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Watch SpaceX's next attempt to land its Falcon 9 rocket at sea

Watch SpaceX's next attempt to land its Falcon 9 rocket at sea

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Yesterday's launch was scrubbed due to the threat of lightning, so SpaceX will attempt to launch its reusable Falcon 9 rocket today at 4:10PM ET. The company faces another coin-flip weather report, with the chance of a "go" launch sitting at 60 percent. When the rocket does get off the ground it will mark the sixth of 12 resupply missions NASA has contracted SpaceX to perform. This round will bring 2 tons of cargo to the International Space Station, including food, scientific instruments, and an espresso machine specially designed to work in space called "ISSpresso." Starting this week, astronauts could get to drink fresh espresso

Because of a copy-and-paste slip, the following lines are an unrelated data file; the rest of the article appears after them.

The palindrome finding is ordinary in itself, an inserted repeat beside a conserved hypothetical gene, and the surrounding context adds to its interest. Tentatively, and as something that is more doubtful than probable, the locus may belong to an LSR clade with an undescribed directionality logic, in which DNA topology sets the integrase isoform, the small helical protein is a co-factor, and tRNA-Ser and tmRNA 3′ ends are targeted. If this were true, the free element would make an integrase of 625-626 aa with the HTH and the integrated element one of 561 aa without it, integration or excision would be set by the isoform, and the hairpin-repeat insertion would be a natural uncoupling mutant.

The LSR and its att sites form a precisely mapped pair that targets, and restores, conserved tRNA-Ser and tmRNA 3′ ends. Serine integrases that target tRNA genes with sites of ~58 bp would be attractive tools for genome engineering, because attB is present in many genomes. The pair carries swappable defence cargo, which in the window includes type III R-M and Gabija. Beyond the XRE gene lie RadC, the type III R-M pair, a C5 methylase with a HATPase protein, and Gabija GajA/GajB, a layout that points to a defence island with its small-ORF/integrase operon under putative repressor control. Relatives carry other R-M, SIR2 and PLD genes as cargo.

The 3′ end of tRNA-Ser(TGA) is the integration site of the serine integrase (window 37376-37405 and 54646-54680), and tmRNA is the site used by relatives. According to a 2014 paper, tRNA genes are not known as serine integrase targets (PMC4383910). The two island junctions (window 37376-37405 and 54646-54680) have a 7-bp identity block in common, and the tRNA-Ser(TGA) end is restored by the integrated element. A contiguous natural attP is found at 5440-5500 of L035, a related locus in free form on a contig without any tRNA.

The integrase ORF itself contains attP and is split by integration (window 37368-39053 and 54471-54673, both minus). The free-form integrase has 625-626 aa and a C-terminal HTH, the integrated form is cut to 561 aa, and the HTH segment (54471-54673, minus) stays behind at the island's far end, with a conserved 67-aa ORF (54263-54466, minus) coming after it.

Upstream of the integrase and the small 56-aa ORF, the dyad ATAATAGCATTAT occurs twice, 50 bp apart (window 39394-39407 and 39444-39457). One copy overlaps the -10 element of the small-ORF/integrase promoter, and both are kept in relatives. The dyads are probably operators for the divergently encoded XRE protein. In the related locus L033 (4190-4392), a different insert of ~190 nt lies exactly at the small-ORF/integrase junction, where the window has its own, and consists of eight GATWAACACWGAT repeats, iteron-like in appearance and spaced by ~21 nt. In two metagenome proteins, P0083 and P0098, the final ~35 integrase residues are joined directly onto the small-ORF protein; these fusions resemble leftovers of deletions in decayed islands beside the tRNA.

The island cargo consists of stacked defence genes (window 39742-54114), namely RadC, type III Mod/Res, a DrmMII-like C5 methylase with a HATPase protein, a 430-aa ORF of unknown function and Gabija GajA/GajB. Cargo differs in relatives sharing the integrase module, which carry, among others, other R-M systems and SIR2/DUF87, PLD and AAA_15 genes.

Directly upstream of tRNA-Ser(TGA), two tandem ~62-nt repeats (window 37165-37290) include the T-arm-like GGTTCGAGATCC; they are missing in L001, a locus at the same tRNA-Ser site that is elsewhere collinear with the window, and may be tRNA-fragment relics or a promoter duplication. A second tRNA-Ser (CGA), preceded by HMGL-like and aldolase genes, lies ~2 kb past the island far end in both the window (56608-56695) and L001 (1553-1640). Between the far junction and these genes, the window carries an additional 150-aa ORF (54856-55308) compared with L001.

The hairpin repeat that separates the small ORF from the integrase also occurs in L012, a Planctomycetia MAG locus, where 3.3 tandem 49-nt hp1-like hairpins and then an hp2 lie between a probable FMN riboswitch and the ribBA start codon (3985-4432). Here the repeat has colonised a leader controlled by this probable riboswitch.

More importantly, SpaceX is planning to test the company's reusable Falcon 9 (or Falcon 9R) rocket. Instead of losing the rocket's first stage in the ocean, the company hopes to use four fins to stabilize the rocket during its descent and 70-foot-wide landing legs to set it down gently — but not on solid ground. The rocket will instead aim for a 300-by-100-foot autonomous drone ship, which is already waiting in the ocean east of Cape Canaveral.

SpaceX lost its first Falcon 9R in a catastrophic explosion, but was almost a successful landing — which is wild considering that the company gave it no better than a 50 percent chance of succeeding. The rocket was nearly on target despite the fact that it ran out of hydraulic fluid, which caused the fins to fail, resulting in too fast a descent. The second Falcon 9R was lost at sea when rough weather kept the drone ship docked.

Meanwhile, the ISSpresso machine was made by Italian coffee company Lavazza, in conjunction with an engineering firm and the Italian Space Agency. It won't provide any real nutritional benefit, but NASA officials have talked about its importance in keeping the inhabitants of the ISS happy and comfortable. Little things like fresh espresso or personalized food menus can go a long way in boosting your morale when you're orbiting Earth in a tin can.